Thanks for visiting Imaging and Machine Vision Europe.

You're trying to access an editorial feature that is only available to logged in, registered users of Imaging and Machine Vision Europe. Registering is completely free, so why not sign up with us?

By registering, as well as being able to browse all content on the site without further interruption, you'll also have the option to receive our magazine (multiple times a year) and our email newsletters.

Oil cap assembly system uses vision sensors

Share this on social media:

The efficiency of production lines at Miniature Precision Components' (MPC) manufacturing plant has been vastly improved through the use of vision sensors. MPC is involved in, among other things, the assembly of oil caps for automotive companies and at its Prairie du Chien, WI facility in the US.

'We achieve quality through automation, and machine vision has been a key component of our automation strategy for the last seven years,' explained Shane Harsha, MPC manufacturing engineering manager.

MPC selected three Checker 202 vision sensors from Cognex to ensure proper o-ring and cap orientation. The first detects inverted o-rings between the vibratory feeder bowl and inline conveyor. A second vision sensor checks that the o-ring is positioned properly on the dial fixture before the cap is pressed on. A third ensures cap orientation is correct prior to assembly and printing.

Each o-ring has a sealing bead on one side that must be placed face down when the seal is loaded onto the assembly dial. If it's not, the machine shuts down. The operator must then access and reposition the seal before restarting the machine.

'Having the operator flip these seals and restart the machine was really eating into our efficiency,' said Harsha. 'If the production rate dropped from 360 to 200 caps per hour, it cost us about $20,000 a year in downtime. As we approach full production volumes, that cost could increase to as much as $120,000 per year.'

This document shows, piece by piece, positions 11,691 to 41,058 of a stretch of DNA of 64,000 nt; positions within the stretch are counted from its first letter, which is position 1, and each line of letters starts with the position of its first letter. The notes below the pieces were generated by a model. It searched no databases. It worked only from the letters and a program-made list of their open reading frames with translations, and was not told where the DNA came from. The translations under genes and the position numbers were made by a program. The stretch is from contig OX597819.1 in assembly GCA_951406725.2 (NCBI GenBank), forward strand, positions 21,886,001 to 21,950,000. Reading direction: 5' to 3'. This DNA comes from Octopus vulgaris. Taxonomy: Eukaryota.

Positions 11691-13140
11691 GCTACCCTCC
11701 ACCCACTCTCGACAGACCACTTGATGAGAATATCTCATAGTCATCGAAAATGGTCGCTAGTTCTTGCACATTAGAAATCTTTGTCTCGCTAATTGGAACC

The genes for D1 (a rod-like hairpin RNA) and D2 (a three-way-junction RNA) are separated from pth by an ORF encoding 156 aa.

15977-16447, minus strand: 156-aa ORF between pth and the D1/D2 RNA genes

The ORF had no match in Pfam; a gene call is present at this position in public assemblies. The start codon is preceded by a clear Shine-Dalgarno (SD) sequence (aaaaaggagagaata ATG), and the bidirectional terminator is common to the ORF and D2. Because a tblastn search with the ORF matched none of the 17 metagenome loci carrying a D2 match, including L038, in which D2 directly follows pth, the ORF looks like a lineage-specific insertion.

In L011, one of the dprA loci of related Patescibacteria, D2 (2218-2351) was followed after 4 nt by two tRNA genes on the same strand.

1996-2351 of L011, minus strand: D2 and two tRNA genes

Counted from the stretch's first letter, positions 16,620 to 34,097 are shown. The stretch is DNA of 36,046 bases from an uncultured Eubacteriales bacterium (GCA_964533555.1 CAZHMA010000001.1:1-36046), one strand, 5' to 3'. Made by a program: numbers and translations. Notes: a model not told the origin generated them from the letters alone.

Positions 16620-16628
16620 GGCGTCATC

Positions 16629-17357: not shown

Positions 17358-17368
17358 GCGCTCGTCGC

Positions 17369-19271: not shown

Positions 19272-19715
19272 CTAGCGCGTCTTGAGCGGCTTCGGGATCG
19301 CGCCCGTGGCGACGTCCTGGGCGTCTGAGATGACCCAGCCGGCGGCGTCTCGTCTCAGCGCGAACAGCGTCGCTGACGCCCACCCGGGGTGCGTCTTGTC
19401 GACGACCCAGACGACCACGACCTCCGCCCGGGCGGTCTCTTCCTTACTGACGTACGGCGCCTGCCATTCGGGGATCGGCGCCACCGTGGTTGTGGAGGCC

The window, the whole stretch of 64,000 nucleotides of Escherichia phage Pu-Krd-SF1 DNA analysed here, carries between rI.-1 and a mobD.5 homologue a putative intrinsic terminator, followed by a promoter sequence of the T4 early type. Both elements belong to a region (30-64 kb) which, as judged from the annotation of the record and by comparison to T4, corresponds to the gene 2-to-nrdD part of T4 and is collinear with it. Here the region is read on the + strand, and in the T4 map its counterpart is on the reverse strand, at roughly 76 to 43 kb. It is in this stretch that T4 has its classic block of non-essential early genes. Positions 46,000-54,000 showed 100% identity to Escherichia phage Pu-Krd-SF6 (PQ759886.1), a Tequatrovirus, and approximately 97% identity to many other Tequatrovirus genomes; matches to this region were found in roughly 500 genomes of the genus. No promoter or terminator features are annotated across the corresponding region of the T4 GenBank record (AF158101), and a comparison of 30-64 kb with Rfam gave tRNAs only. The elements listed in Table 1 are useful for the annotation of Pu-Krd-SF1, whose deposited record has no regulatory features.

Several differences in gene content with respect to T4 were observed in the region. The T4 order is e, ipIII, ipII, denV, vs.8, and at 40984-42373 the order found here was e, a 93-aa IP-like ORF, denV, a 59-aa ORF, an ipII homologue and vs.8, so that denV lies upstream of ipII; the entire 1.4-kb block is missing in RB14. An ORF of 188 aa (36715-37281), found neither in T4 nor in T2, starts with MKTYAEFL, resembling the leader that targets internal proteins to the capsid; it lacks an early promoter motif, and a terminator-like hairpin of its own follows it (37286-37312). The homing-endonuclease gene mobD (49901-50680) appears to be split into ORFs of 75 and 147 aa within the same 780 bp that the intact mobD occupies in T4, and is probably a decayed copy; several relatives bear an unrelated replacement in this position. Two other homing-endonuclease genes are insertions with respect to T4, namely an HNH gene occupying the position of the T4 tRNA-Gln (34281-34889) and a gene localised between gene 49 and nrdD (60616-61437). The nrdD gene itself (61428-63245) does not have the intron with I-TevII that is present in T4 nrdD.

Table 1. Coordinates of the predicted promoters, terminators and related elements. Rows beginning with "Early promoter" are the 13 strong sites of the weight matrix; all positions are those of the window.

Brian Champion, MPC automation and tooling engineer commented: 'The small size, built-in lighting, variable working distance, ladder logic and free-running capability make these devices very simple to install. There was no need to wire them to a PLC, no need to install and wire trigger sensors, and the four-step set up makes it by far the easiest vision sensor that I’ve ever used.'

Recent News

26 September 2019

Rugby fans are now able to watch highlights from the Rugby World Cup, currently taking place in Japan, from angles and viewpoints not possible with conventional cameras, thanks to a multi-camera system from Canon

13 September 2019

A hyperspectral imaging system built by US research centre Battelle, using Headwall sensors, has been chosen as a finalist for the Department of Homeland Security’s Opioid Detection Challenge

23 July 2019

On the 50th anniversary of the Moon landing on 20 July 1969, Zeiss has described how, in less than nine months, it built the camera lens used to capture the iconic images during the Apollo 11 mission

18 July 2019

Researchers at Lund University in Sweden are using high-speed cameras to study how insects use visual information to control flight